In summary, MAKE TERRIER WELLBEING YOUR PRIORITY PLEASE. We are still in a pandemic and our parent group has sent these suggestions and pleaded for change . Students have told us their hands were tied and they did not wish to upset admin when admin held the purse strings for their clubs and organizations. RAs are afraid to speak up for their own need for support and others for fear of losing their positions. It’s time for a major overhaul. Open those communication lines and listen to your students, your student government, your RAs, your professors, your staff. Our terriers are the brightest and so inspiring, make them part of this solution as JED foundation recommends. This is their future.

    BU knows what it needs to do. The question is are terriers and their wellbeing worth BU’s investment? We hope the answer will be yes this year and from now on, but we are still waiting.

    Sidenote: I am a crisis intervention counselor and behavior specialist. I also run BU Parents United begun when the pandemic began so we could speak freely about issues that mattered and support our terriers and BU.
    I have helped many families and students in the last year, listened to their tears and frustrations, with the lack of mental health supports at BU so the above are suggestions based on all of this and to avoid another tragedy. Prevention and postvention must be continuous not a one day deal or even one month focus.

    BU states it is a partner of JED foundation. It may be on paper but not in actions because JED encourages all of this and has templates on how to prioritize and lead a strong supportive campus so students feel daily that their mental health is valued and they matter.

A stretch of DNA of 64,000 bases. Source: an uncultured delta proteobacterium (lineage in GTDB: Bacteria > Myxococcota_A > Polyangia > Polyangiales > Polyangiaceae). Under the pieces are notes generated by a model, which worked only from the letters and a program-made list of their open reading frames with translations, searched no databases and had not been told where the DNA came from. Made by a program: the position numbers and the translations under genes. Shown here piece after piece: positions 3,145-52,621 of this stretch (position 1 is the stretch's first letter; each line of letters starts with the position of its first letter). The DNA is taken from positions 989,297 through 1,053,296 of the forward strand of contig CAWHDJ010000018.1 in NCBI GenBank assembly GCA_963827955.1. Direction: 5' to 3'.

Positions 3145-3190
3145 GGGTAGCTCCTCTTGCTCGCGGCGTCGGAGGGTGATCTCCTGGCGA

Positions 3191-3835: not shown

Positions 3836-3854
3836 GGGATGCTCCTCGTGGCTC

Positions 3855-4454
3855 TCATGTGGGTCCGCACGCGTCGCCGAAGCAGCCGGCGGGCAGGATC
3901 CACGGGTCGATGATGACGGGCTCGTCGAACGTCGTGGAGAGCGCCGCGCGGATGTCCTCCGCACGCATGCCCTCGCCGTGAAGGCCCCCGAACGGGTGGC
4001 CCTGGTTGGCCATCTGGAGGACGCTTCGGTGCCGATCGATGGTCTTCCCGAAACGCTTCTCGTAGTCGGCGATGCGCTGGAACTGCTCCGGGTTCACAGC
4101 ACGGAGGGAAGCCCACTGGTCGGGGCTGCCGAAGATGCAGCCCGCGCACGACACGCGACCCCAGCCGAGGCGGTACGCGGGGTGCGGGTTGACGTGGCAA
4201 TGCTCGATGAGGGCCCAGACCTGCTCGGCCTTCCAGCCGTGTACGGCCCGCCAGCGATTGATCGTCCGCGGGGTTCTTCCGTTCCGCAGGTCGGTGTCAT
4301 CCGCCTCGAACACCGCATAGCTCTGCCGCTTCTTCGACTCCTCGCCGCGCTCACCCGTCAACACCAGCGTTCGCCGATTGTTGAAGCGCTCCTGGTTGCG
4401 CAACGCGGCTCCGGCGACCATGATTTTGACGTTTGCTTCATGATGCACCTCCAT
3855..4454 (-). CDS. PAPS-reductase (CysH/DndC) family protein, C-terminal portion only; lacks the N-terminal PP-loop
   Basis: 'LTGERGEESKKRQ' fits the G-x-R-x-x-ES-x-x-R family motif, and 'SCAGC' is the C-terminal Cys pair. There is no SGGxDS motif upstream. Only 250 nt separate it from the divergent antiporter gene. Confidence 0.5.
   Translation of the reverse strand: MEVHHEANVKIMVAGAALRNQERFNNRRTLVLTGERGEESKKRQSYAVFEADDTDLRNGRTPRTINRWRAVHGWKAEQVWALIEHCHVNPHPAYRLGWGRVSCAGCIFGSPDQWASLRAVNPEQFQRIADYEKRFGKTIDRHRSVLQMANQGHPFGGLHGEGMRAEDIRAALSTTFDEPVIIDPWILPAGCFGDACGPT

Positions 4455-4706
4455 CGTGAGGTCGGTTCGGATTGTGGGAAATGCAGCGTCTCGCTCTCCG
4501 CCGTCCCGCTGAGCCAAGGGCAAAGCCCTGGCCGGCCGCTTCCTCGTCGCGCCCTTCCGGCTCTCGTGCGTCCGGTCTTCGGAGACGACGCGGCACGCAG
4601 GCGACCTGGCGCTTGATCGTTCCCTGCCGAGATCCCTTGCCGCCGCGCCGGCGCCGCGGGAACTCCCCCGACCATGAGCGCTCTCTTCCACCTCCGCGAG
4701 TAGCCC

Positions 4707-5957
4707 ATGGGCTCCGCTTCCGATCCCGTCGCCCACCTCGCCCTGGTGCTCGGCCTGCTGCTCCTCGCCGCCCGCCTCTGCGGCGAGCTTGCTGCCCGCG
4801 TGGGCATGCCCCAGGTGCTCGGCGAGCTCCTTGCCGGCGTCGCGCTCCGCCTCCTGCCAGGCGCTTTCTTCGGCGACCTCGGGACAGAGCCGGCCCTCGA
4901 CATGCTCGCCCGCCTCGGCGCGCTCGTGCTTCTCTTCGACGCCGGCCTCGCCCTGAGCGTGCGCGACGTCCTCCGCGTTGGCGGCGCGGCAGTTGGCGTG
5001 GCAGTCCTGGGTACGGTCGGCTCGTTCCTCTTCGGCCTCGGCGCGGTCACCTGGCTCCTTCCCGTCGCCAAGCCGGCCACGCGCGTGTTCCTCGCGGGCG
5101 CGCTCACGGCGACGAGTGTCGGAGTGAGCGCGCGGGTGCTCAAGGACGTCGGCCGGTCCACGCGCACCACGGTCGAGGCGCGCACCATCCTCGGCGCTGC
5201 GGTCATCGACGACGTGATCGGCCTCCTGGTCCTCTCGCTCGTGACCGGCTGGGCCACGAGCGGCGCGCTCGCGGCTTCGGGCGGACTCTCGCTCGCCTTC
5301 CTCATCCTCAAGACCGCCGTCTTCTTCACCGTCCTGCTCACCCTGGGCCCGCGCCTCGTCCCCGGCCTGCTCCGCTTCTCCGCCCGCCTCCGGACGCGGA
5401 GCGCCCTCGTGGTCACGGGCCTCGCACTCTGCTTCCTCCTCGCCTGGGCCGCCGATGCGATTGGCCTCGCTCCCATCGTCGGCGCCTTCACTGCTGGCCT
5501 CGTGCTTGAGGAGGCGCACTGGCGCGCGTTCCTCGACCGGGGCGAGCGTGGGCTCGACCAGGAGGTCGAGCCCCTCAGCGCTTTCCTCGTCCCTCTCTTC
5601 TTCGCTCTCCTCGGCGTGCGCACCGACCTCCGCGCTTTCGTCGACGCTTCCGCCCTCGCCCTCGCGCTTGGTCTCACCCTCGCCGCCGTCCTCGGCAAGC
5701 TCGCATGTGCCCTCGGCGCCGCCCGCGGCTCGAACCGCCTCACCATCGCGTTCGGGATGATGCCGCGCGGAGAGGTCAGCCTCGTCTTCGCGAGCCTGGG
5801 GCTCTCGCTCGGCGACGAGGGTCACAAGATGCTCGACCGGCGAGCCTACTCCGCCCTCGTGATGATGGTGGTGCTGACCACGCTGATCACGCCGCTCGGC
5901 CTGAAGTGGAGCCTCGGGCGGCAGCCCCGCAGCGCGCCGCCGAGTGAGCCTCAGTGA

We know how this pandemic has affected world mental health. The research is there even from BU’s own extraordinary School of Public Health.
    BU can shine here as it already does in so many areas and be an example to other institutions worldwide.

    And if you are reading this and hurting – you are not alone. This pandemic has not been easy and life is tough but we can get through this together because you matter. If you need help, call 1-800-273-8255 . If you are LGBTQ and need help, the Trevor Project is amazing too at 1-866-488-7386. Give yourself a break. You are not supposed to have it all figured out yet when many of us older adults haven’t yet either.:)
    Reaching out takes courage and you are worth it.

    #BUProud #Proud2BU #Wellbeing #MentalHealthMatters #YOUMatter #ReachOut #BostonUniversity #MentalFitness #BostonUniversity #Terriers #Boston

  2. Everything she said. Well-said.

    As a first-time BU parent and of a college kid, many worries go through our heads and our kids have spent a couple of years in the weirdest of times. We should be there for them always, not just up to the age of 18. I hope the administration hears students, their parents, and even staff… that it’s all hands on deck and we need to take care of this ASAP.